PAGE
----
Schiff bases containing a furoxan moiety as potential nitric oxide donors in plant tissues

PLOS ONE, Jul 2018

Stable Schiff bases containing a furoxan moiety are synthesized as single regioisomers by the reaction of 3-methyl-2-oxy-furazan-4-carbaldehydewith various amino compounds at room temperature. The structures of synthesized compounds were fully characterized by multinuclear NMR spectroscopy and X-ray crystallography. The effect of synthesized Schiff bases containing a furoxan moiety on biological generation of reactive oxygen species and nitric oxide in plant tissues was investigated for the first time by fluorescence microscopy and the released NO identified as nitrite with Griess reagent. There is a good correlation between the biological generation of NO determined by fluorescence microscopy and with Griess reagent. Some of the synthesized compounds exhibited both nitric oxide and reactive oxygen species generation abilities and represent potential NO donors in plant tissues.

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Schiff bases containing a furoxan moiety as potential nitric oxide donors in plant tissues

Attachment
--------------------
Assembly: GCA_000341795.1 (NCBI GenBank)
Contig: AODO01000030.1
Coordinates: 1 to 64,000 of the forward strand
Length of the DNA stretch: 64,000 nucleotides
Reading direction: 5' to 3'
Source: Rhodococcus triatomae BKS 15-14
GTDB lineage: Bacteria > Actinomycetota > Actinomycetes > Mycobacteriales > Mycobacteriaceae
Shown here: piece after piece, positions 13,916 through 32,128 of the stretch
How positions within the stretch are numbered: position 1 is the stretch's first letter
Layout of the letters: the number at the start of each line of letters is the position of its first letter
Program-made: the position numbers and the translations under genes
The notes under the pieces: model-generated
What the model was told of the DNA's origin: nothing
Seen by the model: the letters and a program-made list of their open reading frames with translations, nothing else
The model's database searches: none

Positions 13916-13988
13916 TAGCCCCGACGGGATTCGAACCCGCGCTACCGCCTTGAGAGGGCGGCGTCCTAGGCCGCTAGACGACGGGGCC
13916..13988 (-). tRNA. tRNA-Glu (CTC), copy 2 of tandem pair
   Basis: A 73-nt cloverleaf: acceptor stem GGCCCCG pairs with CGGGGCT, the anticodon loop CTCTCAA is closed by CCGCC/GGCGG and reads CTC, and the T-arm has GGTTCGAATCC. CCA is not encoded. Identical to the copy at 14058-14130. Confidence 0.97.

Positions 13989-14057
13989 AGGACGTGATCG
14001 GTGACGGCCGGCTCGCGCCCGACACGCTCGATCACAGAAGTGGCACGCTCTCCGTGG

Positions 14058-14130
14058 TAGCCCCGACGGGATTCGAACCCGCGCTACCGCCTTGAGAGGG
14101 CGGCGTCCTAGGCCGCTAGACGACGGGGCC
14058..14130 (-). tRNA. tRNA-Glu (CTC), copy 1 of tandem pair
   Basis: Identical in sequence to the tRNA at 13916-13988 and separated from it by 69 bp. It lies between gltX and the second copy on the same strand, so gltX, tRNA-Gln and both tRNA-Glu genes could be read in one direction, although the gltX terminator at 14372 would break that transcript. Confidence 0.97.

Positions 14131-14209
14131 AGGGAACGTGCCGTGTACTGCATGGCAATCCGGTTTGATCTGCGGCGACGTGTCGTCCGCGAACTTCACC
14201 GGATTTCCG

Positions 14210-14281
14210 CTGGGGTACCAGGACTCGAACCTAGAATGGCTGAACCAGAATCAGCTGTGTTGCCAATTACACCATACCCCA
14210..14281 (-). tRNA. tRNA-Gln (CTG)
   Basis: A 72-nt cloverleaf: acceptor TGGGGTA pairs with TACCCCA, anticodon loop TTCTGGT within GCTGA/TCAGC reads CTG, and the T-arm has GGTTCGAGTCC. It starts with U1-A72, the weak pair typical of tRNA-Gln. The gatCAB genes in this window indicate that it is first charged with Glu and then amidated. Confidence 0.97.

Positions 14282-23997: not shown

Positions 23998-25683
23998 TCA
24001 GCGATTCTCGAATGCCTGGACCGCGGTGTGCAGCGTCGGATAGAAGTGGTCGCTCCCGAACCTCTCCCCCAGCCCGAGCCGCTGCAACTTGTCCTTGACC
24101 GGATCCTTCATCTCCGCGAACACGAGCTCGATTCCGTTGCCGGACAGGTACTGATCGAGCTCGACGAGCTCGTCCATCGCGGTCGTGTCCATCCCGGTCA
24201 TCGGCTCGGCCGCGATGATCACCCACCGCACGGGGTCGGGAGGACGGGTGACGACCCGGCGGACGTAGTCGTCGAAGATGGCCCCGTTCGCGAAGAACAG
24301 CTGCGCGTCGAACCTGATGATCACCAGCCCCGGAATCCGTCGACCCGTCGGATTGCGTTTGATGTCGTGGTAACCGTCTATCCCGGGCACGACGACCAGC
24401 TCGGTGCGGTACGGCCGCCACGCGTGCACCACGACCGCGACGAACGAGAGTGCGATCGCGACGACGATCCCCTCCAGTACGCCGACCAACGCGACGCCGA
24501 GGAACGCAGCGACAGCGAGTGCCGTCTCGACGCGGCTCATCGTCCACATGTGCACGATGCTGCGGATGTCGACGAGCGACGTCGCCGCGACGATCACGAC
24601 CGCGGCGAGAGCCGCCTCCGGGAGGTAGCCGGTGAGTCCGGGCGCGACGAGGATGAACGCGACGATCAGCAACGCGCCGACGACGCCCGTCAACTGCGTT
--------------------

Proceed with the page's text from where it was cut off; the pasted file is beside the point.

July Schiff bases containing a furoxan moiety as potential nitric oxide donors in plant tissues Emilian Georgescu 0 1 Anca Oancea 1 Florentina Georgescu 1 Alina Nicolescu 1 Elena Iulia Oprita 1 Lucian Vladulescu 1 Marius-Constantin Vladulescu 1 Florin Oancea 1 Sergiu Shova 1 Calin Deleanu 1 0 Research Center Oltchim, RamnicuValcea, Romania, 2 National Institute of Research and Development for Biological Sciences , Bucharest , Romania , 3 Research Dept. , Teso Spec S.R.L., Fundulea, Calarasi , Romania , 4 aPetruPonio Institute of Macromolecular Chemistry, Romanian Academy , Aleea Grigore Ghica Voda, Iasi, Romania, 5 aC. D. Nenitescuo Centre of Organic Chemistry, Romanian Academy , Bucharest , Romania , 6 National Research & Development Institute for Chemistry & Petrochemistry ± ICECHIM, Bucharest, Romania, 7 Institute of Chemistry, Academy of Sciences , Chisinau , Republic of Moldova 1 Editor: Markus M Bachschmid, Boston University , UNITED STATES Stable Schiff bases containing a furoxan moiety are synthesized as single regioisomers by the reaction of 3-methyl-2-oxy-furazan-4-carbaldehydewith various amino compounds at room temperature. The structures of synthesized compounds were fully characterized by multinuclear NMR spectroscopy and X-ray crystallography. The effect of synthesized Schiff bases containing a furoxan moiety on biological generation of reactive oxygen species and nitric oxide in plant tissues was investigated for the first time by fluorescence microscopy and the released NO identified as nitrite with Griess reagent. There is a good correlation between the biological generation of NO determined by fluorescence microscopy and with Griess reagent. Some of the synthesized compounds exhibited both nitric oxide and reactive oxygen species generation abilities and represent potential NO donors in plant tissues. - Data Availability Statement: All relevant data are within the paper and its Supporting Information files. Funding: This work was funded by the Romanian Ministry of National Education ± National Authority for Scientific Research UEFISCDI, www.uefiscdi.ro Award Numbers PN-II-PT-PCCA-2013-4-0267 ± SAFE-SEL [AO] and PN-IIIP1-1.2-PCCDI-20170569 ± PROSPER [FO]. The funder provided support in the form of salaries and research materials [FO AO], but did not have any additional Introduction Nitric oxide (NO) is a signaling molecule common to animals and plants [1±2]. In plants, NO participates in important processes such as germination, flowering, stomatal closure [2±8], activates disease resistance to pathogen attacks and possibly acts as direct anti-microbial agent [ 9 ]. Plant defense responses to pathogen attacks is activated by a complex signal produced by the accumulation of reactive oxygen species (ROS) and NO [3±6]. These findings stand for eco-friendly means to control disease in plants. Many chemicals have been used as NO donors or even for biological generation of NO in animals and plants [ 10,11 ]. Sodium nitroprusside (SNP), S-nitrosoglutathione (GSNO), S-nitroso-N-acetylpenicillamine (SNAP) and so-called NONOates (spermidine or diethylamine-NONOate) are among the most used nitric oxide donors [ 12,13 ]. Searching for synthetic compounds acting as NO donors or as biological inducers of NO in plants is important not only for understanding the NO mechanism in plants but also for field applications. Our expertise on synthesis of new bioactive heterocyclic compounds [14±20] and role in the study design, data collection and analysis, decision to publish, or preparation of the manuscript. The specific roles of these authors are articulated in the ªauthor contributionsº section. Competing interests: The authors declare no competing interests. The affiliation of some coauthors to commercial companies [EG FG LV MCV] does not alter our adherence to PLOS ONE policies on sharing data and materials. interest in signaling compounds in plants [ 21,22 ] prompted us to obtain stable Schiff bases containing a furoxan moiety as possible NO donors in plants. Furoxan, 1,2,5-oxadiazole Noxide, is an important scaffold of many compounds that show typical NO-donor properties in mammals, some furoxan derivatives being known as NO-donating pro-drugs [23±27]. Schiff bases are resourceful intermediates in several enzymatic reactions [17] as well as for the design of a large number of bioactive lead compounds [ 28,29 ]. Their biological properties include antibacterial [ 30,31 ], biocidal [ 32 ], antifungal [ 33 ], antiviral [ 33,34 ], and high antitumor activities [34±36]. Various synthetic methods towards furoxan derivatives such as the cyclization of α-nitro ketoximes [ 37,38 ], the dimerization of nitrile N-oxides [39], the reaction of alkenes with aqueous sodium nitrite in glacial acetic acid [40±42], and the reaction of styrene derivatives with nitrosonium tetrafluoroborate (NOBF4), usually leading to both furoxan regioisomers, were reported [43]. Herein, we present the synthesis of stable Schiff bases containing a furoxan moiety obtained as single regioisomer and their effects as nitric oxide donors in plant tissues. Materials and methods Analytical equipment Melting points were measured on a BoeÈtius hot plate microscope and are uncorrected. IR spectra were recorded on a Nicolet Impact 410 spectrometer, in KBr pellets. The NMR spectra have been recorded on a Bruker Avance III 400 instrument operating at 400.1, 100.6 and 40.6 MHz for 1H, 13C, and 15N nuclei respectively. Samples were transferred in 5 mm Wilmad 507 NMR tubes and recorded with either a 5 mm multinuclear inverse detection z-gradient probe (1H spectra and all H-C/H-N 2D experiments) or with a 5 mm four nuclei direct detection z-gradient probe (13C spectra). Chemical shifts are reported in δ units (ppm) and were referenced to internal TMS for 1H chemical shifts, to the internal deuterated solvent for 13C chemical shifts (CDCl3 referenced at 77.0 ppm) and to liquid ammonia (0.0 ppm) using nitromethane (380.2 ppm) as external standard for 15N chemical shifts. Unambiguous 1D NMR signal assignments were made based on 2D NMR homo- and heterocorrelations. High resolution MS spectra have been recorded on a Bruker Maxis II QTOF spectrometer with electrospray ionization (ESI) in the negative mode. X-Ray crystallographic measurements were carried out with an Oxford-Diffraction XCALIBUR E CCD diffractometer equipped with graphite-monochromated Mo-Kα radiation. The crystal was kept at 200.00(10) K during data collection. The unit cell determination and data integration were carried out using the CrysAlis package of Oxford Diffraction [ 44 ]. Using Olex2 [ 45 ], the structure was solved with the ShelXT [ 46 ] structure solution program using Direct Methods and refined with the ShelXL [ 47 ] refinement package using Least Squares minimization. These data can be obtained free of charge via www.ccdc.cam.ac.uk/conts/retrieving. html (or from the Cambridge Crystallographic Data Centre, 12 Union Road, Cambridge CB2 1EZ, UK). Crotonic aldehyde, p-toluenesulfonyl hydrazide, 2,4,6-trimethylbenzenesulfonyl hydrazide, 4-phenyl-3-thiosemicarbazide, 4-(4-methylphenyl)-3-thiosemicarbazide, p-toluic hydrazide were purchased from Sigma Aldrich and used further without purification. Fluorescence measurements were recorded on a Zeiss AXIOÐOBSERVER D1, equipped with a video digital camera AxioCamMRc using AxioVision Rel.4.6 software. Spectrophotometric analysis were performed on the Elisa plate according the reported bioprotocol [ 48 ]. 2 / 12 Materials Fluorescence indicator 2',7'-dichlorodihydrofluorescein diacetate (H2DCFA) was purchased from Invitrogen Molecular Probes. Fluorescence indicator4-amino-5-methylamino-2',7'difluorofluorescein diacetate (DAF-FM DA), chitosan, TWEEN 20, a nonionic detergent, sulfanilamide and N-(1-naphthyl)ethylenediamine dihydrochloride for Griess reagent were purchased from Sigma Aldrich. General procedure for Schiff bases containing a furoxan moiety 3, 5 and 7 A solution of 25 mmol (3.5 g) of 3-methyl-2-oxy-furazan-4-carbaldehyde 1 in 30 mL methanol was added dropwise to a stirred solution containing 20 mmol of an amino derivative (2, 4 and 6 respectively) in 30 mL methanol. After four hours stirring at ambient temperature, the solvent was partly removed under vacuum. The formed solid was filtered off, washed with cold ethanol (5 mL) and recrystallized. p-Toluenesulfonic acid (3-methyl-2-oxy-furazan-4-ylmethylene)hydrazide (3a). White crystals, yield 86% (5.1 g), mp 163-165ÊC (from MeOH:H2O 1:1), IR (ν, cm-1): 3210, 1612, 1470, 1383, 1349, 1309, 1158, 1080, 1038. 1H NMR (400.1 MHz, DMSO-d6, δ (ppm)): 2.16 (3H, s, CH3-3), 2.40 (3H, s, CH3-12), 7.45 (2H, d, 8.0 Hz, H-11/13), 7.76 (2H, d, 8.0 Hz, H-10/ 14), 7.93 (1H, s, H-6), 12.35 (1H, s, NH-8). 13C NMR (100.6 MHz, DMSO-d6, δ (ppm)): 9.2 (CH3-3), 21.0 (CH3-12), 111.2 (C-3), 127.2 (CH-10/14), 129.9 (CH-11/13), 134.9 (CH-6), 135.4 (C-9), 144.1 (C-12), 153.7 (C-4). 15N NMR (40.6 MHz, DMSO-d6, δ (ppm)): 175.4 (NH8), 340.2 (N-7), 357.8 (N-2), 373.1 (N-5). HRMS-ESI (m/z): [M-H]-for C11H11N4O4S, calcd. 295.0501, found 295.0518. 2,4,6-trimethylbenzenesulfonic acid (3-methyl-2-oxy-furazan-4-ylmethylene)hydrazide (3b). Pale yellow solid, yield 74% (4.8 g), mp 177-179ÊC (from MeOH). IR (ν, cm-1): 3199, 2979, 2936, 1608, 1467, 1377, 1330, 1301, 1162, 1098, 1029. 1H NMR (400.1 MHz, DMSO-d6, δ (ppm)): 2.04 (3H, s, CH3-3), 2.28 (3H, s, CH3-12), 2.60 (6H, s, CH3-10/14), 7.10 (2H, s, H11/13), 7.94 (1H, s, H-6), 12.53 (1H, s, NH-8). 13C NMR (100.6 MHz, DMSO-d6, δ (ppm)): 8.7 (CH3-3), 20.4 (CH3-12), 22.5 (CH3-10/14), 111.1 (C-3), 131.7 (CH-11/13), 132.4 (C-9), 133.3 (CH-6), 139.3 (C-10/14), 142.9 (C-12), 153.3 (C-4). 15N NMR (40.6 MHz, DMSO-d6, δ (ppm)): 177.5 (NH-8), 338.5 (N-7), 357.6 (N-2), 371.6 (N-5). X-Ray:C13H16N4O4S, (M = 324.36 g/mol): monoclinic, space group P21/n (no. 14), a = 7.8827(6) Å, b = 18.4644(14) Å, c = 10.6000(8) Å, β = 110.634(9), V = 1443.9(2) Å3, Z = 4, T = 200.00(10) K, μ(MoKα) = 0.241 mm-1, Dcalc = 1.469 g/cm3, 5588 reflections measured (4.412 2Θ 50.046), 2552 unique (Rint = 0.0303, Rsigma = 0.0558) which were used in all calculations. The final R1 was 0.0556 (I 2σ(I)) and wR2 was 0.1466 (all data).CCDC ± 1556711. HRMS-ESI (m/z): [M-H]- for C13H15N4O4S, calcd.323.0814, found 323.0846. 4-methyl-benzoic acid (3-methyl-2-oxy-furazan-4-ylmethylene)hydrazide (5). White solid, yield 71% (3.7 g), mp 212-214ÊC (from MeOH), IR (ν, cm-1): 3422, 3220, 3032, 1638, 1610, 1570, 1490, 1460, 1381, 1331, 1310, 1283, 1186, 1147, 1036. 1H NMR (400.1 MHz, DMSO-d6, δ (ppm)): 2.40 (6H, bs, CH3-3 and CH3-13), 7.38 (2H, d, 7.1 Hz, H-12/14), 7.85 (2H, d, 7.1 Hz, H-11/15), 8.49 (1H, s, H-6), 12.33 (1H, s, NH-8). 13C NMR (100.6 MHz, DMSO-d6, δ (ppm)): 9.1 (CH3-3), 21.1 (CH3-13), 111.7 (C-3), 127.8 (CH-11/15), 129.2 (CH12/14), 129.6 (C-10), 135.8 (CH-6), 142.6 (C-13), 154.1 (C-4), 163.2 (CO-9). 15N NMR (40.6 MHz, DMSO-d6, δ (ppm)): 174.0 (NH-8). HRMS-ESI (m/z): [M-H]- for C12H11N4O3, calcd. 259.0831, found 259.0851. 1-(3-methyl-2-oxy-furazan-4-ylmethylene)-4-phenyl-3-thiosemicarbazone (7a). Beige solid, yield 69% (3.83 g), mp 184-186ÊC (from CHCl3/MeOH), IR (ν, cm-1): 3324, 3128, 2983, 1609, 1518, 1491, 1462, 1383, 1306, 1251, 1169, 1110, 1033. 1H NMR (400.1 MHz, DMSO-d6, 3 / 12 δ (ppm)): 2.44 (3H, s, CH3-3), 7.24 (1H, t, 7.6 Hz, H-14), 7.40 (2H, t, 7.6 Hz, H-13/15), 7.59 (2H, d, 7.6 Hz, H-12/16), 8.24 (1H, s, H-6), 9.87 (1H, s, NH-10), 12.32 (1H, s, NH-8). 13C NMR (100.6 MHz, DMSO-d6, δ (ppm)): 9.2 (CH3-3), 111.6 (C-3), 125.1 (CH-12/16), 125.6 (CH-14), 128.3 (CH-13/15), 131.4 (CH-6), 138.7 (C-11), 153.9 (C-4), 176.5 (CS-9). 15N NMR (40.6 MHz, DMSO-d6, δ (ppm)): 129.1 (NH-10), 177.4 (NH-8), 334.1 (N-7), 357.6 (N-2), 372.3 (N-5). HRMS-ESI (m/z): [M-H]- for C11H10N5O2S, calcd. 276.0555, found 276.0537. 1-(3-methyl-2-oxy-furazan-4-ylmethylene)-4-(4-methylphenyl)-3-thiosemicarbazone (7b). Yellow solid, yield 63% (3.67 g), mp 188-190ÊC (MeOH/Et2O), IR (ν, cm-1): 3412, 3350, 3127, 2966, 1612, 1540, 1517, 1458, 1379, 1304, 1259, 1205, 1170, 1120, 1024. 1H NMR (400.1 MHz, DMSO-d6, δ (ppm)): 2.31 (3H, s, CH3-14), 2.43 (3H, s, CH3-3), 7.19 (2H, d, 8.2 Hz, H13/15), 7.45 (2H, d, 8.2 Hz, H-12/16), 8.23 (1H, s, H-6), 9.78 (1H, s, NH-10), 12.26 (1H, s, NH8). 13C NMR (100.6 MHz, DMSO-d6, δ (ppm)): 9.2 (CH3-3), 20.5 (CH3-14), 111.6 (C-3), 125.1 (CH-12/16), 128.7 (CH-13/15), 131.2 (CH-6), 134.9 (C-14), 136.1 (C-11), 153.9 (C-4), 176.5 (CS-9). 15N NMR (40.6 MHz, DMSO-d6, δ (ppm)): 128.8 (NH-10), 177.4 (NH-8), 334.4 (N-7), 357.6 (N-2), 372.6 (N-5). HRMS-ESI (m/z): [M-H]- for C12H12N5O2S, calcd. 290.0712, found 290.0722. Histochemical analysis Plant growth conditions and treatment. In our experiments we used Arabidopsis thaliana plants, cultivated in laboratory in Arasystem [49]. Arabidopsis thaliana wild type seeds (provided by Lehke Seeds Texas, USA) have been seeded in sterilized soil and cultivated for six weeks in a special growth room, at 21-23ÊC, 70% humidity, light intensity 150 μmol/m2 and a photoperiode of 14/10. Each synthesized compound (0.5 mg, and 2.5 mg respectively) dissolved in ethanol was mixed with 0.25 g Tween 20 and demineralized water to prepare 50 mL of each test suspension/solution. The inductor suspensions were kept in spraying glass bottle, in the dark, at room temperature. The Arabidopsis leaves were sprayed with the inductor suspensions (at a rate of 1 mL/plant) andcollected after 24 hours. The leaves were washed with distilled water for histochemical analysis of ROS and NO by fluorescence microscopy, or worked-up according to the reported protocol [ 48 ], in order to determine NO releasing potential of new synthesized Schiff bases bearing a furoxan moiety with Griess reagent. As positive control in histochemical analysis by fluorescent microscopy we used plant treated with chitosan solution, 10 μg/mL, and 50 μg/mL respectively, in 0.5% acetic acid solution, buffered to pH 5.6 with NaOH 1 M. ROS and NO visualization by fluorescence microscopy. Intracellular ROS was visualized using 2',7'-dichlorodihydrofluorescein diacetate (H2DCFA) as fluorescent indicator. The collected Arabidopsis leaves were washed with distilled water and incubated with 2.5 μMH2DCFA solution (10 mMin DMSO), for 30 min, in the dark, at room temperature. Then the leave fragments were washed twice with distilled water and the H2DCFA ± mediated fluorescence was detected (emission/excitation: 488/525 nm). As negative controls, Arabidopsis leaves untreated with inductor suspensions have been used. Intracellular NO was visualized using 4-amino5-methylamino-2',7'-difluorofluorescein diacetate (DAF-FM DA)as fluorescent indicator. The collected Arabidopsis leaves were washed with distilled water and incubated with 10 μM DAF-FM diacetate (5mM in DMSO),for 15 min, in the dark, at room temperature. Then the leave fragments were washed twice with phosphate buffer saline (PBS) at pH 7.4 and the fluorescence of the reaction product of DAF-FM DA with NO was captured (emission/excitation: 488/525 nm). As negative controls, Arabidopsis leaves untreated with inductor suspensions have been used. The NO specific dye, 4-amino-5-methylamino-2',7'-difluorofluorescein (DAF-FM), reacts with N2O3, generated by NO oxidation, and form a DAF-FM benzotriazole derivative which 4 / 12 exhibits a green fluorescence. However, this dye is not cell permeant and its fluorescent derivatives are an indication of ROS (and NO) formation outside of the plant cells, on tissue level. The 4-amino-5-methylamino-2',7'-difluorofluorescein diacetate (DAF-FM DA) is a cell permeable dye. This dye is converted by cytosolic esterase to DAF-FM, which produces the benzotriazole fluorescent derivative inside the cell. The generation of ROS is a biological effect in plants, mainly due to the released NO, which are redox gasotransmitters. The reactive species formed in plants are NO and, most probably, on physiological conditions, peroxynitrite (due to NO reaction with ROS). Determination of nitrite concentration in Aradidopsis thaliana leaves with Griess reagent. 50 μl of sulfanilamide 1% (w/v) solution in 5% (v/v) phosphoric acid and 50 μl of N(1-naphthyl)ethylenediamine dihydrochloride 0.1% (w/v) solution were added to 50 μl Arabidopsis leaves extract supernatant. The leaves, treated with the same amounts of synthesized Schiff bases suspensions, collected after 24 hours, and controls washed with distilled water, were powdered with nitrogen liquid into a mortar. 100 mg of leaves powder was extracted for 30 min in 300 μl of 100 mM phosphate buffer, pH 7.4. The extract was centrifuged for 15 min at 10,000 x g and 4ÊC. The resulted supernatant was used for indirect NO determination with sulfanilamide and N-(1-naphthyl)ethylenediamine dihydrochloride solutions, after incubation for 5-10 min at room temperature protected from light. The color appeared immediately as the Griess reagent is formed. The absorbance was directly measured in a plate reader with a filter between 520 nm and 550 nm. A nitrite standard curve was used to calculate the nitrite concentration in the samples and expressed as μM of nitrite anion. The detection of nitrite concentration in Aradidopsis thaliana leaves was performed according to the reported bioprotocol [ 48 ]. Results and discussion Synthesis of Schiff bases containing a furoxan moiety Stable Schiff bases containing a furoxan moiety were synthesized in order to explore their chemical and biological properties. The synthetic procedure is based on the reactions of the 3-methyl-2-oxy-furazan-4-carbaldehyde with various amino compounds capable to produce stable Schiff bases bearing a furoxan ring. The intermediate 3-methyl-2-oxy-furazan-4-carbaldehyde (1), already described in literature [ 40 ], was easily obtained as single isomer from crotonic aldehyde and sodium nitrite in glacial acetic acid at room temperature. Therefore, by treating furoxan carbaldehyde 1 with phenylsulfonyl hydrazide derivatives 2a,b the corresponding phenylsulfonylhydrazones containing a furoxan moiety 3a,b were obtained (Fig 1i). Starting from the furoxan carbaldehyde 1 and p-toluic hydrazide 4 the corresponding Schiff base 5 bearing the furoxan ring was prepared (Fig 1ii). In the same way, the reaction of furoxan carbaldehyde 1 with thiosemicarbazides 6 led to the corresponding thio-semicarbazones 7a,b carrying a furoxan moiety (Fig 1iii). All reactions took place easily at room temperature and yields are in the range 63-86%. The structures of all Schiff bases containing the furoxan moiety were assigned on the basis of chemical and spectral analysis (IR, 1H, 13C and 15N NMR spectra). NMR data clearly indicated the presence of only one regioisomer bearing the external oxygen atom on the nitrogen in position 2 of the furoxan ring. The 2- versus5- N-oxidation of the furoxan ring in all compounds (3, 5, 7) is supported by similar chemical shifts for C3 and C4 in the 13C-NMR spectra. Assigning the site of N-oxidation in various natural or biological active compounds is important both for structural and mechanistic purposes related to metabolisation of these compounds. We have also previously investigated the influence of N-oxidation on 15N- and 13C-NMR spectra for series of octahydroacridines [ 50,51 ]. The shifts induced by N-oxidation 5 / 12 Fig 1. Synthesis of Schiff bases containing a furoxan ring. to C-alpha (C3 in furoxan derivatives) and C-beta (C4 in furoxan derivatives) is consistent with our previous studies [51], and with early data on simple furoxan derivatives [ 52 ]. The Noxidation induces a significant shielding of the C-alpha and a slight deshielding of the C-beta in the 13C-NMR spectra. The N-oxidation in position 2 of the furoxan ring in the case of derivative 3b has been also proven by X-ray crystallography (Fig 2). Biological activity. Furoxan derivatives have been of considerable interest to chemists for years but they received relatively little attention from biologists despite their NO-releasing capacities. It is for the first time when Schiff bases containing a furoxan moiety were used as NO donors in plant experiments. We investigated the effect of synthesized compounds on ROS (O2−, OH· and H2O2) and NO generation in plant tissues. Bio-molecules are rapidly damaged by reactive oxygen species produced under a pathogen attack or in abiotic stress conditions. It is known that both ROS and NO together are required to induce the activation of defense-related enzymes in plants [ 3 ]. The protection of plant cells at the sites of ROS and NO generation is ensured by both oxygen radical detoxifying enzymes and non-enzymatic antioxidants contained in plant cells [ 53,54 ]. The measurement of the ROS and NO levels in plant tissues is difficult due to very short physiological half-life and high reactivity of these radicals [ 12,55 ]. 6 / 12 Fig 2. X-ray molecular structure of compound 3b. Thermal ellipsoids are drawn at 50% probability level. Both ROS and NO were detected by the fluorescence microscopy on Arabidopsisthaliana, a popular model organism for understanding themolecular biologyof many plant traits. Specific fluorescence indicators that are helpful to exactly define the sites of NO and ROS production were used. The presence of ROS and NO in Schiff bases bearing a furoxan moiety-treated Arabidopsis leaves was compared to untreated Arabidopsis leaves as a negative control. Chitosan, a fungal elicitor with known effect as NO and ROS inductor on Arabidopsis [ 56 ], was used as positive control at the same concentrations. ROS induction was detected on Arabidopsis leaves treated with suspension of each synthesized Schiff bases containing a furoxan moiety at the concentration of 10 μg/mL, and 50 μg/ mL respectively, in the presence of the specific fluorescence indicator 2',7'-dichlorodihydrofluorescein diacetate (H2DCFA) [ 57 ]. Fluorescence microscopy images revealed the presence of ROS in Arabidopsis leaves treated with all Schiff bases having a furoxan moiety, at both concentrations, especially at higher concentration of compounds (50 μg/mL). Efficacy of Schiff bases bearing a furoxan moiety (3a,b, 5, 7a and 7b) on ROS generation pursues the series: 7a>3b 7b>5>3a. NO donor properties of the synthesized Schiff bases bearing a furoxan moiety were determined on Arabidopsis leaves infiltrated with suspension of each synthesized compound at the same concentrations (10 μg/mL and 50 μg/mL respectively) in the presence of a specific and sensitive fluorescence indicator, 4-amino-5-methylamino-2',7'-difluorofluorescein diacetate (DAF-FM DA) [57±60] and the DAF-FM DA- mediated fluorescence was measured. Strong fluorescence densities were observed at higher concentration (50 μg/mL) of Schiff bases bearing a furoxan moiety with their NO donor efficacy, following the series: 3b>7b>5>7a>3a. 7 / 12 In order to assess the NO releasing potential in Arabidopsis leaves we used Griess reagent for indirect determination of NO through its oxidized nitrite form [ 48 ]. All Arabidopsis leaves treated with the same amounts of synthesized Schiff bases bearing a furoxan moiety were incubated at room temperature for 5-10 min. with Griess reagent, protected from light, and the absorbance was immediately measured in a plate reader with a filter between 520 nm and 550 nm. A nitrite standard curve was used to calculate the nitrite concentration in the samples and expressed as μM of nitrite anion (Table 1). The fluorescence data on NO releasing capacity of these compounds in Arabidopsisthaliana leaves correlate with spectrophotometric data obtained by indirectly assessing NO as nitrite anion with Griess reagent. All data suggest that some of the synthesized Schiff bases containing a furoxan moiety are involved in ROS and NO production in Arabidopsis treated leaves. Among these, compounds 3b and 7b proved to be really active and are further tested in field trials. Considering the long-lasting effect, most probably NO release is not only a result of furoxanes decomposition, being rather specific to plant tissue. The NO released from furoxanes could accumulate as S-nitrothiols / S-nitroso-glutathione NO-reservoirs and then slowly released and detected by fluorescence microscopy or with Griess reagent. Thus, plant cells could have a physiological reaction to the Schiff base containing a furoxan moiety. Further research is in progress to assess the mechanism of NO generation into plant tissues by these compounds. Conclusions Several Schiff bases containing a furoxan ring have been synthesized as single regioisomers starting from 3-methyl-2-oxy-furazan-4-carbaldehyde and various amino compounds capable to produce stable Schiff bases, in order to identify their chemical and biological properties. We detected for the first time ROS and NO releasing capacities in plant tissues using specific fluorescence indicators, and assessed the NO releasing potential of Schiff bases containing a furoxan ring treated Arabidopisis thaliana leaves. There is a good correlation between fluorescence data and indirect determination of NO biological releasing potential data in plant tissues. The results indicate that some of these compounds represent potential NO donors in plant tissues. Supporting information S1 File. Crystallographic information file (CIF) for the compound 3b. (CIF) S2 File. Fluorescence Microscopy and NMR information file. (DOC) 8 / 12 Acknowledgments Access to research infrastructure developed in the ªPetruPoniº Institute of Macromolecular Chemistry through the European Social Fund for Regional Development, Competitiveness Operational Programme Axis 1, Project InoMatPol (ID P_36_570, Contract 142/10.10.2016, cod MySMIS: 107464) is gratefully acknowledged. Author Contributions Conceptualization: Emilian Georgescu, Florentina Georgescu, Florin Oancea, Calin Deleanu. Data curation: Emilian Georgescu, Anca Oancea, Florentina Georgescu, Alina Nicolescu, Elena Iulia Oprita, Lucian Vladulescu, Marius-Constantin Vladulescu, Florin Oancea, Sergiu Shova, Calin Deleanu. Formal analysis: Anca Oancea, Florentina Georgescu, Alina Nicolescu, Elena Iulia Oprita, Florin Oancea, Sergiu Shova. Funding acquisition: Anca Oancea, Florin Oancea. Investigation: Emilian Georgescu, Calin Deleanu. Methodology: Emilian Georgescu, Anca Oancea, Alina Nicolescu, Florin Oancea. Resources: Anca Oancea, Calin Deleanu. Writing ± original draft: Emilian Georgescu, Florentina Georgescu, Florin Oancea, Calin Deleanu. Writing ± review & editing: Emilian Georgescu, Florentina Georgescu, Calin Deleanu. 9 / 12 10 / 12 39. 49. 11 / 12 Wendehenne D , Pugin A , Klessig DF , Durner J . Nitric oxide: comparative synthesis and signaling in animal and plant cells . 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Emilian Georgescu, Anca Oancea, Florentina Georgescu, Alina Nicolescu, Elena Iulia Oprita, Lucian Vladulescu, Marius-Constantin Vladulescu, Florin Oancea, Sergiu Shova, Calin Deleanu. Schiff bases containing a furoxan moiety as potential nitric oxide donors in plant tissues, PLOS ONE, 2018, DOI: 10.1371/journal.pone.0198121